Still, he didn’t foresee the lack of big-time high school focus on football throughout the state of Missouri. From Broeg:
At a speech earlier before Missouri high school superintendents and principals Broyles had fussed about lack of prep emphasis in football. Leaving MU he decried the absence of spring football in high school and lack of a state prep all-star game.
"There aren't enough small-town schools playing football to make up for a disappointing situation I found in St. Louis city proper and in Kansas City," Broyles told the St. Louis Post-Dispatch. "Too many of the better high school coaches, the basic football teachers, are leaving the field. I though, for instance, I could expect 15 to 20 topflight players a year out of St. Louis alone. Last year we were able to recruit only four."
It was likely pretty clear to Broyles that he could build a competitive program at Mizzou—one that could win more than it lost. But he wanted to build something elite, something to compete with what he had watched Bobby Dodd build at Georgia Tech, and the likelihood of that, in his perception, wasn't nearly as high as he had once thought. The lack of athleticism on the 1957 squad, and their crumbling down the stretch, continued to weigh on him.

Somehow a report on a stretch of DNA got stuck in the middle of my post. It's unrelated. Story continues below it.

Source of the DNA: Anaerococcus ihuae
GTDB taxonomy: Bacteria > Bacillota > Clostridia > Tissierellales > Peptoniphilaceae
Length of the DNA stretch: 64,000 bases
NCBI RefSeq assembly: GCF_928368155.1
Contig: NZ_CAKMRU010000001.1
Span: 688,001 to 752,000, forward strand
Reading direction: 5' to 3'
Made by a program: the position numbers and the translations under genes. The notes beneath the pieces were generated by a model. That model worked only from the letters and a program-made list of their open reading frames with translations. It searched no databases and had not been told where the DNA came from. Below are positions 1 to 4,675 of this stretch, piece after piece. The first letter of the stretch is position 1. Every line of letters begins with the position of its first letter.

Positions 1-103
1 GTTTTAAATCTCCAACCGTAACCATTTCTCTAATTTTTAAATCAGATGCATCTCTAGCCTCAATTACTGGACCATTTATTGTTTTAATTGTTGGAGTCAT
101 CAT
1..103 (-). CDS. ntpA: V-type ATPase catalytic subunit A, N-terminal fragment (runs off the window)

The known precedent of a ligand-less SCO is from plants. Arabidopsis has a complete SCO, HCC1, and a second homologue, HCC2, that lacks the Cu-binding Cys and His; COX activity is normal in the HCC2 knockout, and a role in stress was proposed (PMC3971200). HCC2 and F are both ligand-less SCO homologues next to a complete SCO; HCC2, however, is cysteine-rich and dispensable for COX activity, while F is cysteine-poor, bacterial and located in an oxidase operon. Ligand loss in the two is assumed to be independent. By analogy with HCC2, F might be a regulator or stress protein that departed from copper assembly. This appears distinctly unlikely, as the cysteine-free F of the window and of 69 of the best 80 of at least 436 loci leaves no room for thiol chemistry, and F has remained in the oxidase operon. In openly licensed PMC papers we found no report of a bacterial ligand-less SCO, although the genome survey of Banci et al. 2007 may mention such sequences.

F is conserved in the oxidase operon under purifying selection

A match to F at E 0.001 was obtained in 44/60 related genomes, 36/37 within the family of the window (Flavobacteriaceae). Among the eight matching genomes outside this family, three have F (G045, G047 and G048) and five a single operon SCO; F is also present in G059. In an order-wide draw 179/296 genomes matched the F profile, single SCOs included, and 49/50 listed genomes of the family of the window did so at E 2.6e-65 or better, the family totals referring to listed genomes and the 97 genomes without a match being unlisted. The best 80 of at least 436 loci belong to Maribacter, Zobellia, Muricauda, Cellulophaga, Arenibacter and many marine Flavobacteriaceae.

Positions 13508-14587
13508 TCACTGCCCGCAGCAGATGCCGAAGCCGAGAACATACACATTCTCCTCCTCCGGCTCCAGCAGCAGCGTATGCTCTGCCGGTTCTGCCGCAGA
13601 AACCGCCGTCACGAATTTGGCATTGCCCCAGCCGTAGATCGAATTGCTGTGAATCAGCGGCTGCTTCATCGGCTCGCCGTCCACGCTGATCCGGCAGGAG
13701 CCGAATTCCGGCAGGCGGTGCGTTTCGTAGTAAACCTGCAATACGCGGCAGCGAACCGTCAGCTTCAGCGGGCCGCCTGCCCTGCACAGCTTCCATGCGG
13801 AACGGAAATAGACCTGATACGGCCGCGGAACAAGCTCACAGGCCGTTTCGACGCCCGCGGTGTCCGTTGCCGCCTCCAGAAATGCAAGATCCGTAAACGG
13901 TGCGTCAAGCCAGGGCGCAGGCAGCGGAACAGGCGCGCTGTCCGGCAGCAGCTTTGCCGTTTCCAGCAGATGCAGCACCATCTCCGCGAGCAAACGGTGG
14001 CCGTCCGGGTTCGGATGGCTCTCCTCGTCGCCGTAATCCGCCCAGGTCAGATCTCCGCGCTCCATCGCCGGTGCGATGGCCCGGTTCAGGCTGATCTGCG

In early December, Don Faurot gave Arkansas athletic director John Barnhill permission to speak with Broyles about the Razorbacks' open head coach position. He didn't think much of it, really — Broyles had given him his word that the only job he would leave for was Georgia Tech, and as mentioned before, Faurot saw a lot of Broyles in himself.
But as we know now, Faurot had seriously weighed moving on to Ohio State and USC just a few years earlier. Loyalty is more a hindsight thing than something of the present tense.
Broyles took the Arkansas job. Mackenzie and Green went with him. Claiborne had already left to join Bear Bryant in Tuscaloosa. For the second time in 12 months, Faurot was looking for his legacy hire.
COLUMBIA, Mo. (AP) -- The University of Missouri wasn't real hard up for a football coach for more than two decades but now it is out beating the bushes for a new staff--for the second time in a year.
Don Faurot, director of athletics, lined up a huddle today with the faculty members of the committee on intercollegiate athletics. He said he already had made a few telephone calls and had received a number about the head coaching job.